Biyombo is the more athletic of the two, but Nogueira is slightly more polished and considerably taller.
A legitimate seven-footer, Nogueira was talked about as a late first-rounder this year, which means he may fall to the Second Round in a more loaded 2012 draft.
He wasn’t ready to contribute to an NBA team anyway, so monitor his progress this year to see if he’ll be a viable option with a mid-to-early second-round pick.
Pairing another Wildcat with John Wall could be a great decision.
Lamb took his game to another level in March Madness and was likely a late first-rounder this season.
There are a number of parallels to be made with UConn’s Lamb—name (obviously), great length, deep range, seemingly effortless ability to put the ball in the basket and a wiry frame that will need to fill out if they hope to impact at the NBA level.
An aggressive rebounder and potent scorer around the basket, Green falls because of his limited upside, smallish height (though he has long arms) and lack of polish in his offensive game.
But the Wizards are always looking for warriors as they tend to improve defensively through hard work, grit and determination.
He gets to the line at a reasonable clip, and shoots relatively well there, but he will need to show improvement hitting from the perimeter if he wants to become a threat at the NBA level.
Black is expected to be one of the main cogs of a young Memphis team this season, and his size and defense are what makes him special.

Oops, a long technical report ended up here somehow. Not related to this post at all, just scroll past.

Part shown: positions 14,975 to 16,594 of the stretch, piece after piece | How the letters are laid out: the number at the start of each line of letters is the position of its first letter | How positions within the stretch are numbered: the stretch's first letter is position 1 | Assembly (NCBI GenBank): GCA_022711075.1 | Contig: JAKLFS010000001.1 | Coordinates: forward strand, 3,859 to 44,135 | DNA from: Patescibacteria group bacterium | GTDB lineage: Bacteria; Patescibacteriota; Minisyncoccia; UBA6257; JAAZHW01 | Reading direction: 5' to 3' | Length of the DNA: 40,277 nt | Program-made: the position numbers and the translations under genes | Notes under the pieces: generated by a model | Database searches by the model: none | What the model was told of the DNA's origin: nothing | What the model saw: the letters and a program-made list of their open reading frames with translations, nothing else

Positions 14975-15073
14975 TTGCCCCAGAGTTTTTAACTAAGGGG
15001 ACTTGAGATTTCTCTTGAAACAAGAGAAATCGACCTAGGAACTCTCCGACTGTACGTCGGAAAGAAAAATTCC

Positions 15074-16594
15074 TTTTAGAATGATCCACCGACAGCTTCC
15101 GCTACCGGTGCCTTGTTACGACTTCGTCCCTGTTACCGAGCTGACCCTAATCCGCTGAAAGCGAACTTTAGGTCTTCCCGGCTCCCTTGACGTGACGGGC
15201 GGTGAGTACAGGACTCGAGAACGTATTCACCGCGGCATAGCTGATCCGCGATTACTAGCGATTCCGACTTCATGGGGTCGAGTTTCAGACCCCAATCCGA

He’s got a great motor in the lane, where he can make an impact on the defensive and offensive boards, and his physicality is something the Wizards have certainly put at a premium.
At this point, however, he cannot score from outside of 10 feet and will need to expand his game this season if he hopes to be regarded as a complete prospect in this draft.
Because of his physical attributes, he could be a first-round pick. But his skills are lagging significantly. The Wizards need post scoring but would also be happy to pick up a hard-working, defensive-minded player who can get easy buckets after scooping up an offensive board.
I had to mention this one, because it’s a more recent development that the Wizards should monitor.
Drummond is technically in the 2011 HS class and will be 19 when the 2012 draft comes around.
He’s doing a “Graduate School” year after finishing his high school classwork, so some believe that will make him eligible. We’ll see what the new CBA and the Players Union have to say about that.
But Drummond is certainly an elite talent. He’s 6’10” and about 275 pounds, so he has the NBA body. He’s also been compared to Amare Stoudemire for his freakish athleticism.
Even better, he uses it to dominate defensively in the paint and can block shots with the best of them. The only questions are about his motor, which seems to idle if he’s disinterested or not playing competition.
He will be in the running for the top spot if he’s eligible because of his massive upside, but if teams black-ball him, he may be an option for the Wizards a few spots later in the round.